It seems like the most common way to celebrate the New Year is with fireworks. Cities like Paris, Berlin, Toronto, Hong Kong, and Sydney celebrate with fireworks displays. In Sydney, they’re lucky because it’s summer—so thousands of people head to the harbor to see the fireworks display behind the city’s famous opera house. London also has a fireworks display and this year’s show featured a soundtrack dominated by women, to mark the hundredth anniversary of women’s right to vote in the UK. Kiwis, as people from New Zealand are known, are the first people in the world to ring in the New Year; they either go to the beaches, since it’s summer there too, or to Aukland, where fireworks are set off from the top of a downtown tower. In Rio de Janeiro, where I think it’s technically summer every day of the year, they ring in the new year with fireworks on Copacabana Beach and samba music afterward.

    New York has one of the world’s most unique celebrations in its famous Times Square—what they call the ball drop. A large crystal ball at the top of one of the office buildings in Times Square lights up and descends down a pole, reaching the roof of the building at exactly midnight in a burst of fireworks and confetti. The whole night features concerts and entertainment outside; this year, Mariah Carey headlined the evening.

    This year was the second-coldest New Year’s Eve in New York since the tradition began; it was 10 degrees Fahrenheit, or -12 degrees Celsius. This was the coldest since 1917, when it was just one degree Fahrenheit.

    Here’s one way to celebrate that I like. Indonesia offers a free “mass wedding” in Jakarta, the capital, for couples that have been married, but never had their marriages recognized by the national government. This year, 437 couples took advantage of the mass wedding.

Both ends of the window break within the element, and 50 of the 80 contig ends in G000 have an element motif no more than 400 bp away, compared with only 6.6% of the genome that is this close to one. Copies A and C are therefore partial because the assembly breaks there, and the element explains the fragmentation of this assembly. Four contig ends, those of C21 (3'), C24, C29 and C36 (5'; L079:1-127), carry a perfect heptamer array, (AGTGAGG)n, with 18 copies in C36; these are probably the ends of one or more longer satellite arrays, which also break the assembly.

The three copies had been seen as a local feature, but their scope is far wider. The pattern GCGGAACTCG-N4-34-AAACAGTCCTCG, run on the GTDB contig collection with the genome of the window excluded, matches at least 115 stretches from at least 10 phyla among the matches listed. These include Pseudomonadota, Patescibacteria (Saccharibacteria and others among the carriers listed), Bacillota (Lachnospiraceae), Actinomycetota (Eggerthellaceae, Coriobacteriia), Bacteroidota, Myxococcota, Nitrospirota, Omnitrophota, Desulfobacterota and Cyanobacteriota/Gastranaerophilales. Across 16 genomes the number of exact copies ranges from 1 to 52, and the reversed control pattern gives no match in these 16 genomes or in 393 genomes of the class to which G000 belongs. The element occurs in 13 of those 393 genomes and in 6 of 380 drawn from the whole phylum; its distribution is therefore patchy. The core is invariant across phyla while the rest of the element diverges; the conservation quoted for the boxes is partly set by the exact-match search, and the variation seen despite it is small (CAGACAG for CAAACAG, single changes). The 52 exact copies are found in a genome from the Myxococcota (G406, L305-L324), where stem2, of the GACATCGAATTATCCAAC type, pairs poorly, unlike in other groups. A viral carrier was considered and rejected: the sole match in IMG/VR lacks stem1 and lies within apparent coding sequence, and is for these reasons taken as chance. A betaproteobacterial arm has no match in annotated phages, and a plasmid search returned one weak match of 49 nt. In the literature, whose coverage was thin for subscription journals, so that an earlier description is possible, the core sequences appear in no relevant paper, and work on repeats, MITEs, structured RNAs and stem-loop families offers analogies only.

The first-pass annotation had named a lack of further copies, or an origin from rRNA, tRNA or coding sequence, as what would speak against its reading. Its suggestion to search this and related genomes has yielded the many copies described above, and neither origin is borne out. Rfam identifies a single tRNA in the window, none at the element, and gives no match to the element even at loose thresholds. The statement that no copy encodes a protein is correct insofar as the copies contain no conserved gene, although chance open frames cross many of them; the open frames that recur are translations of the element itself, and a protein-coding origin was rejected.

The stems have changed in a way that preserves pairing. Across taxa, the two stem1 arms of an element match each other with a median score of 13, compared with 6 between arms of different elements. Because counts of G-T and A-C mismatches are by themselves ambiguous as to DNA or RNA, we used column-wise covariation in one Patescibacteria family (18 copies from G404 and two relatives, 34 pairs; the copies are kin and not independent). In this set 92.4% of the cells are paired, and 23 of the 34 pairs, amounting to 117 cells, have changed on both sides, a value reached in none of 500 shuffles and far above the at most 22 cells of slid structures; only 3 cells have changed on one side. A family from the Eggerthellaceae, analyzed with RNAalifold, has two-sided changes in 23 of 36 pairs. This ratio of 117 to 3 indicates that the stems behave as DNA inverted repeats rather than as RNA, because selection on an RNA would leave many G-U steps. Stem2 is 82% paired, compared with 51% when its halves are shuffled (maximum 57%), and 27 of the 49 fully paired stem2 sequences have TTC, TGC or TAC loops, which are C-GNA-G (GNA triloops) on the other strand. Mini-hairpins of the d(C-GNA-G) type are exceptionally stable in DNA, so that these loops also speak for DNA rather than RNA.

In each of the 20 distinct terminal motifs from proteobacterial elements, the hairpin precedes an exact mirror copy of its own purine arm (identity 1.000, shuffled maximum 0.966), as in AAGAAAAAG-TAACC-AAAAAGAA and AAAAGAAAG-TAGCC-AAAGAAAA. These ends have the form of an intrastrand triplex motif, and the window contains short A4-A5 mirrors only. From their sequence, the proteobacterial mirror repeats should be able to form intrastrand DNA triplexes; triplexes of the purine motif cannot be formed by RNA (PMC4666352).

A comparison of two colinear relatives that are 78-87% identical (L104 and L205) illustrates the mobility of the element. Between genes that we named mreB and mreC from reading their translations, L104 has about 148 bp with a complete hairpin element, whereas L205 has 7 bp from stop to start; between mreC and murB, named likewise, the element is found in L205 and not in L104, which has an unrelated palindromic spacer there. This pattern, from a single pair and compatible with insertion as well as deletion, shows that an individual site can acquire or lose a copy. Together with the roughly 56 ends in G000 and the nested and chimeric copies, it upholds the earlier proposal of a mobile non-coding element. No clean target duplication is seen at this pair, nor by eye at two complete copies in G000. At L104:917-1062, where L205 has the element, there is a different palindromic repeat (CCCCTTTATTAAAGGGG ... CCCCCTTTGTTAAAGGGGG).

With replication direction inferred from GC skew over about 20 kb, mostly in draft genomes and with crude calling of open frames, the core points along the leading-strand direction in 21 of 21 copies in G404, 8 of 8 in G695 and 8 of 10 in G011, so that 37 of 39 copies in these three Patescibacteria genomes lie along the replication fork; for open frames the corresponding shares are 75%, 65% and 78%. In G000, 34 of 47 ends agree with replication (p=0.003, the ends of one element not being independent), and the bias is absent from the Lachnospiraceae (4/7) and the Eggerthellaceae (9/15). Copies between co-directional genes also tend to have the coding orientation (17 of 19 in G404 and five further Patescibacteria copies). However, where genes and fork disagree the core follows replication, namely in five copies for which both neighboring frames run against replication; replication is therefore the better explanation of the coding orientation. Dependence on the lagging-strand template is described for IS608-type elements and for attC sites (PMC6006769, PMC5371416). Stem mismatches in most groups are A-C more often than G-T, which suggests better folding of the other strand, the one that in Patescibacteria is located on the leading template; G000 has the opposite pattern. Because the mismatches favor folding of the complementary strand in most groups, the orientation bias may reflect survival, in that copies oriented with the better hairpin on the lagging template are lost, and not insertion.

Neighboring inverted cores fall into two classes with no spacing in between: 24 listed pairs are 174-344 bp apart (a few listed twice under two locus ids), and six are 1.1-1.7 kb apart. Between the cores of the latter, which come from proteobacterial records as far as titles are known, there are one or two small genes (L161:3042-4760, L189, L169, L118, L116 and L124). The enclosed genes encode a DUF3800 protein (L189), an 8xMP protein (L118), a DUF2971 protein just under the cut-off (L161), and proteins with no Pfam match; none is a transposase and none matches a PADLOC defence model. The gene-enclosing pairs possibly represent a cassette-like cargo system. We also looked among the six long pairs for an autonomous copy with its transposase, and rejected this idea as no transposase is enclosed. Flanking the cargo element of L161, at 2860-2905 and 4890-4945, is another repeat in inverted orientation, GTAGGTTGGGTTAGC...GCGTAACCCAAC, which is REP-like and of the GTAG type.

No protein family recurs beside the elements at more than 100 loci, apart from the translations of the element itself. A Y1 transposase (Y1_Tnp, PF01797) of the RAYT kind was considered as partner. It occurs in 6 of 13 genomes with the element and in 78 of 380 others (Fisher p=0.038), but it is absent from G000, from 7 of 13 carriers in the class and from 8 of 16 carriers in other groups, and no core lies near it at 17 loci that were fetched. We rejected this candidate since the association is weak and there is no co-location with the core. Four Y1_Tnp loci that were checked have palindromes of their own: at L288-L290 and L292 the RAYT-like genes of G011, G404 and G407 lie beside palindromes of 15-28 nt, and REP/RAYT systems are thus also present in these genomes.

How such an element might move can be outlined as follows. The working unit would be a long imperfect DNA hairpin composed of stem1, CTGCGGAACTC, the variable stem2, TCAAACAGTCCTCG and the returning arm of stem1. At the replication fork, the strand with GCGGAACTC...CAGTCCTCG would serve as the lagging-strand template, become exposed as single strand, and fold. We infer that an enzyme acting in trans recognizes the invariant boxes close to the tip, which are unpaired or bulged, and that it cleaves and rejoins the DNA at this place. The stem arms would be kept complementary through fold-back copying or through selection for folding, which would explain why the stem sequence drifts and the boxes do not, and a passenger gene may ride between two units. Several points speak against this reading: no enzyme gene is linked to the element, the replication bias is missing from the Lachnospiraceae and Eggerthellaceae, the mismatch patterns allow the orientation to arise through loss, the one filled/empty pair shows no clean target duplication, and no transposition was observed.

A couple others. Japan is starting the Year of the Dog; people there celebrate by eating noodles, shrimp and sweet black beans and by visiting temples. In South Korea, they ring bells at City Hall in Seoul.

    Dubai is home to the world’s tallest building, the Burj Khalifa. Instead of fireworks in the desert city, they opted for a massive light show, showing various designs including Arabic calligraphy, flags of neighboring countries, and a portrait of the first president of the United Arab Emirates.

    Pope Francis gave a New Year’s Eve prayer service at St. Peter’s Basilica and celebrated Mass on New Year’s Day under the theme of world peace.

    In Uganda, people go to churches to commemorate the end of one year and to make predictions for the next—some more accurate than others.

    There was one notable mishap this year: in Sakhalinsk, Russia, (I hope I said that right) the 80 foot Christmas tree in the center of the New Year celebrations caught on fire; the whole thing burned up in just a few minutes. Oops.

    So which one of those would you most like to be at? I think I’m torn between Rio and New Zealand. The beaches in Rio are just beautiful and I’d love to be there for the fireworks and party afterward, but I think it would also be fun to be one of the first people to celebrate a new year, since New Zealand is so far east. I can tell you the one celebration I would least like to go to—that’s New York. Times Square on New Year’s Eve is on many people’s bucket list. Personally, I wouldn’t want to be standing around outside in the cold for that long. Maybe I’d watch it from a building nearby; last year, I heard that hotel suites overlooking Times Square were going for $10,000 a night. Maybe someday.